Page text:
Cell lines

THP-1, MonoMac 6 (MM-6), HeLa (DSMZ, Braunschweig, Germany), and immortalised murine macrophage-like cells [18] were cultured in RPMI 1640 medium containing 7.5% FCS, 100 U/ml penicillin, and 100 μg/ml streptomycin at 37°C with 5% CO2 [19]. The MM-6 medium was also supplemented with 1% OPI Media Supplement. THP-1 cells were seeded at a density of 1x106 / 1.5 ml (12-well plates; NUNC) or 2x106 / 3 ml (6-well plates; Sarstedt, Nümbrecht, Germany). MM-6, HeLa, and macrophage-like cells were alternatively seeded at 5x105 / 2.5 ml in 6-well plates.

Isolation and differentiation of murine bone marrow-derived cells

C57BL/6J mice were housed under specific-pathogen-free conditions at the central animal facility of Hannover Medical School. Research involving animals, including animal housing and breeding, was carried out according to institutional guidelines approved by the Lower Saxony State Office for Consumer Protection and Food Safety (“Niedersächsisches Landesamt für Verbraucherschutz und Lebensmittelsicherheit”). Protocols were compliant with §4 of the German Animal Protection Law (“Tierschutzgesetz”). Since experiments were performed ex vivo on isolated bone marrow cells, no further permits were required.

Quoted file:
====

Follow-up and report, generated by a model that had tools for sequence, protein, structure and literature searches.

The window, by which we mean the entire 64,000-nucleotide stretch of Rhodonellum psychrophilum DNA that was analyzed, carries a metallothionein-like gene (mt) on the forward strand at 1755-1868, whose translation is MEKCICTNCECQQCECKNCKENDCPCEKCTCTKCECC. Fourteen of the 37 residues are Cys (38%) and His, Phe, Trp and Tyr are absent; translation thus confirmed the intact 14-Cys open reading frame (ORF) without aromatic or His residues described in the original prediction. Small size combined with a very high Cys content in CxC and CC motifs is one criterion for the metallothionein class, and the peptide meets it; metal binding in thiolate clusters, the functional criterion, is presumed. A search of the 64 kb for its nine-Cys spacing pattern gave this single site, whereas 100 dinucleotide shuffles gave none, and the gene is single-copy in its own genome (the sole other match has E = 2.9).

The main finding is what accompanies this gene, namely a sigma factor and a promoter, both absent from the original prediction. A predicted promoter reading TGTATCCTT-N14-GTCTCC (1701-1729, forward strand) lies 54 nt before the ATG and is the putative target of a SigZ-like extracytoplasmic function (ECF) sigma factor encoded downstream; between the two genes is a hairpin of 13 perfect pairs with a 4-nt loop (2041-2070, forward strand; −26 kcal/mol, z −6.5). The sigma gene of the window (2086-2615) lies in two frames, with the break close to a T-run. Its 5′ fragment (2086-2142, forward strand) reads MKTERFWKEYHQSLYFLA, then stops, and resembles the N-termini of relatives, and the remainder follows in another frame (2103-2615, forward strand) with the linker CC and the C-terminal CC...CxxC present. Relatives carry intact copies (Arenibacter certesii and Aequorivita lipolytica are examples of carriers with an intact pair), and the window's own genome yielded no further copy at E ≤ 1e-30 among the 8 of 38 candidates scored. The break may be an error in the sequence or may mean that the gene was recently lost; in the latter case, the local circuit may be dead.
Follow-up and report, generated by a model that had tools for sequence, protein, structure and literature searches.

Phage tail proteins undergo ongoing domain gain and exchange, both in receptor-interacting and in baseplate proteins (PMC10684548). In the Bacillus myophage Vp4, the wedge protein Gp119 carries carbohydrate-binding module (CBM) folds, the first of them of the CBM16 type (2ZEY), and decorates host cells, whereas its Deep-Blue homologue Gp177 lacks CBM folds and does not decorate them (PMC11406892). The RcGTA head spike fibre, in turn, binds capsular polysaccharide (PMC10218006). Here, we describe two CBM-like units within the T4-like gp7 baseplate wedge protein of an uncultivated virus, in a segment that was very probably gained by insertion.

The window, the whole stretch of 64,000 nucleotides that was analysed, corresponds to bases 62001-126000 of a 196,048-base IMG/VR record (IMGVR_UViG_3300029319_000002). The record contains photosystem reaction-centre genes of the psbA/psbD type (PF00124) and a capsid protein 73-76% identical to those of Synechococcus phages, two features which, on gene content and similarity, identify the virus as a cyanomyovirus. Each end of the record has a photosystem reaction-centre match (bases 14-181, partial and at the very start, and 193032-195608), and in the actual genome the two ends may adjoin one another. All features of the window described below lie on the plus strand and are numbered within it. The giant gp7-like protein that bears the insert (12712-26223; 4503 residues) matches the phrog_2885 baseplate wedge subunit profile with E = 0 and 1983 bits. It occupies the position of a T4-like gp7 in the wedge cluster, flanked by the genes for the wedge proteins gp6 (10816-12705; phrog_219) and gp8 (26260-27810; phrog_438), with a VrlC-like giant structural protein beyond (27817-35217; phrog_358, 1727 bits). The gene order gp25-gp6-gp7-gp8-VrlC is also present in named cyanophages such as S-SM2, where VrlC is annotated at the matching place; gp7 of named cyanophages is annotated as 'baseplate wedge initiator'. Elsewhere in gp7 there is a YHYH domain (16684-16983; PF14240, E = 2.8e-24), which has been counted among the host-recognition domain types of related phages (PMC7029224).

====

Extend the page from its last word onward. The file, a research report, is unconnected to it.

Primary bone marrow-derived cells were isolated on ice with sterile PBS from the rear leg bones of sacrificed mice. Erythrocytes were eliminated using prewarmed sterile erythrocyte lysis buffer (RT, pH 7.3) containing 155 mM NH4Cl, 16 mM Na2CO3 (Merck Millipore, Darmstadt, Germany), and 1 mM EDTA (Applichem, Darmstadt, Germany). Following centrifugation (350 g, 5 min, 4°C) and removal of the supernatant, 6x106 primary cells were cultured in petri dishes containing 10 ml medium (RPMI 1640 including 10% FCS, 50 U/ml penicillin, 50 μg/ml streptomycin, 1% nonessential amino acids (Invitrogen), 2% L-glutamine, and 1% sodium pyruvate (Sigma Aldrich)) at 37°C with 5% CO2. Differentiation towards macrophages was induced by treatment with 20 ng/ml recombinant murine (rm) M-CSF (Biolegend) up to 7 d.